The proposal for an International Mother Tongue Day was approved at the 1999 UNESCO General Conference and since then there has been a growing understanding of the important role of the mother tongue for individuals and societies, a rising awareness that multilingual and multicultural societies exist through their languages which transmit and preserve traditional knowledge and cultures in a sustainable way. However, we still have a long way to go because, according to UNESCO, every two weeks a language disappears taking with it an entire cultural and intellectual heritage.Despite the important role of mother tongue particularly in education, 40% of the population globally does not have access to an education in a language they speak or understand. Nevertheless, progress is being made in mother tongue-based multilingual education with growing understanding of its importance, particularly in early schooling, and more commitment to its development in public life.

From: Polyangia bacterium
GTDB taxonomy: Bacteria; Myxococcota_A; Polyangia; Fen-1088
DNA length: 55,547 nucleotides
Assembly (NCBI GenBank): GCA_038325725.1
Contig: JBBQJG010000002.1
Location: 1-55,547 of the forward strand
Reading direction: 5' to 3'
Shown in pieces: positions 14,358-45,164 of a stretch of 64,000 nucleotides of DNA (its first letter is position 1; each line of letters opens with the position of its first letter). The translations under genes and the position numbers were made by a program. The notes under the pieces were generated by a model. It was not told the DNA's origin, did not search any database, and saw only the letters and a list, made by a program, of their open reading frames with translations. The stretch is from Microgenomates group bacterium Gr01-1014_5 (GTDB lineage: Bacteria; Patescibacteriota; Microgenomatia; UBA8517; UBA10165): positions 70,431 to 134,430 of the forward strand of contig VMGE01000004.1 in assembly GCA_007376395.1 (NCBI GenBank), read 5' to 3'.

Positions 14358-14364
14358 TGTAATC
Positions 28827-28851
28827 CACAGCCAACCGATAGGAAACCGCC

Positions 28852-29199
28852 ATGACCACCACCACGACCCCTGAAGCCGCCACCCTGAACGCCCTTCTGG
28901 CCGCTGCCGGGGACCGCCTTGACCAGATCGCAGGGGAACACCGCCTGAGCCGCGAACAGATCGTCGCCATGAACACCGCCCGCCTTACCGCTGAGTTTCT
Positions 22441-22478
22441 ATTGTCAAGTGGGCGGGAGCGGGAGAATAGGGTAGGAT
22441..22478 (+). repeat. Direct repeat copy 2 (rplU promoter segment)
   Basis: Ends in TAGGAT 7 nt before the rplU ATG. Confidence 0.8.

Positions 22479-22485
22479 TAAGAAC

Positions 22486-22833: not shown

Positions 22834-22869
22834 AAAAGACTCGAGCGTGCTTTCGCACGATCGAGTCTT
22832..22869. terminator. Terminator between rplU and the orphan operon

Specifically, the importance of mother tongue in education is due to that:
It is the best medium for the expression of one’s ideas and feelings, and hence the most potent agent for mutual communication and exchange of ideas.
It is through the mother tongue that individuals form themselves into social groups.
It is the best medium for acquiring knowledge and instrument for intellectual development.
It is an instrument of self-expression, emotional development and individual growth of the pupil.